Nothing is more quintessentially Parisian than the Eiffel Tower, an icon of the French capital created out of wrought-iron lattice work designed by Stephen Sauvestre for engineers Maurice Koechlin and Émile Nouguier, two senior engineers employed by the Compagnie des Établissements Eiffel for the 1889 World’s Fair in Paris.
The tower is named for the company's owner and the tower's original copyright holder, Gustave Eiffel.
It is probably one of the most photographed sites in the world with an average of just under seven millions tourists every year visiting the site.
But one quirk of French law you might never notice – you will never find a licensed picture of the Eiffel Tower at night.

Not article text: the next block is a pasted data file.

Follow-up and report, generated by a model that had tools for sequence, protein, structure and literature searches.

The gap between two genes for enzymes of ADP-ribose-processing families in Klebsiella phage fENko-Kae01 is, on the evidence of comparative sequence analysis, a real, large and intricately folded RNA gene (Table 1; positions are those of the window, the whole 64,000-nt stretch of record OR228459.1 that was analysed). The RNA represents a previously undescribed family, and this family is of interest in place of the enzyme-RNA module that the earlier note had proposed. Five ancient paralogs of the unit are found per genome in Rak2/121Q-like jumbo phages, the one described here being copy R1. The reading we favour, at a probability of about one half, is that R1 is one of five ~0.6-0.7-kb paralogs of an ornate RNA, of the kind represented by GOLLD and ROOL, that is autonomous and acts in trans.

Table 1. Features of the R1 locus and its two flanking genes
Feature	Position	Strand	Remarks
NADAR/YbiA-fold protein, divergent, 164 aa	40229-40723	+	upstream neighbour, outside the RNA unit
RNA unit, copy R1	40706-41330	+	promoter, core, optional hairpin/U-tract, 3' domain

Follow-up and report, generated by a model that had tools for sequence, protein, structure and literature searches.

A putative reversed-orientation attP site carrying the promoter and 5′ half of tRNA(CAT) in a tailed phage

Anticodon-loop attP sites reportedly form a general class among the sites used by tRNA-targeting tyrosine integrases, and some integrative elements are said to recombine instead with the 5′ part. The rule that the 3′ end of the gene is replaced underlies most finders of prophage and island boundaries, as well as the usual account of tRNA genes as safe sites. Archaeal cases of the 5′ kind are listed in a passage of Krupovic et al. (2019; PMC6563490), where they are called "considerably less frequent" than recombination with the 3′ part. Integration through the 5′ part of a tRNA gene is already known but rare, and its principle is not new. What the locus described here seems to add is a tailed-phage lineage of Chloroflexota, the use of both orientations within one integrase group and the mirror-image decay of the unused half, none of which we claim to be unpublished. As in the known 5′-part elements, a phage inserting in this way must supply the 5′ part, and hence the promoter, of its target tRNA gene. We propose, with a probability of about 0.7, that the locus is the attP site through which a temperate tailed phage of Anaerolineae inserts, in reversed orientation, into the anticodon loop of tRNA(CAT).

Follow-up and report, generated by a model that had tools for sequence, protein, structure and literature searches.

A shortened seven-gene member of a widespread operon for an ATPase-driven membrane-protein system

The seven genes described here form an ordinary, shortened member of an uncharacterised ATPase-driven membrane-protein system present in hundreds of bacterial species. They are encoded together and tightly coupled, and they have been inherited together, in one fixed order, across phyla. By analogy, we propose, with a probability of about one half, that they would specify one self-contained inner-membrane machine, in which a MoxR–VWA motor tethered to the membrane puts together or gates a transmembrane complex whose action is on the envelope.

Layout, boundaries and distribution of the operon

In fact, you won’t be able to locate licensed photos or videos of on any legitimate stock website at all – thanks to a quirk of European Union copyright law that specifically applies to this depiction of the iconic landmark.
Half As Interesting explains that most nations in the world protect the original works of a creator during the creator’s lifetime plus some number of years after the creator’s death.
Kehl is our staff photography news writer and has over a decade of experience in online media and publishing and you can get to know him better here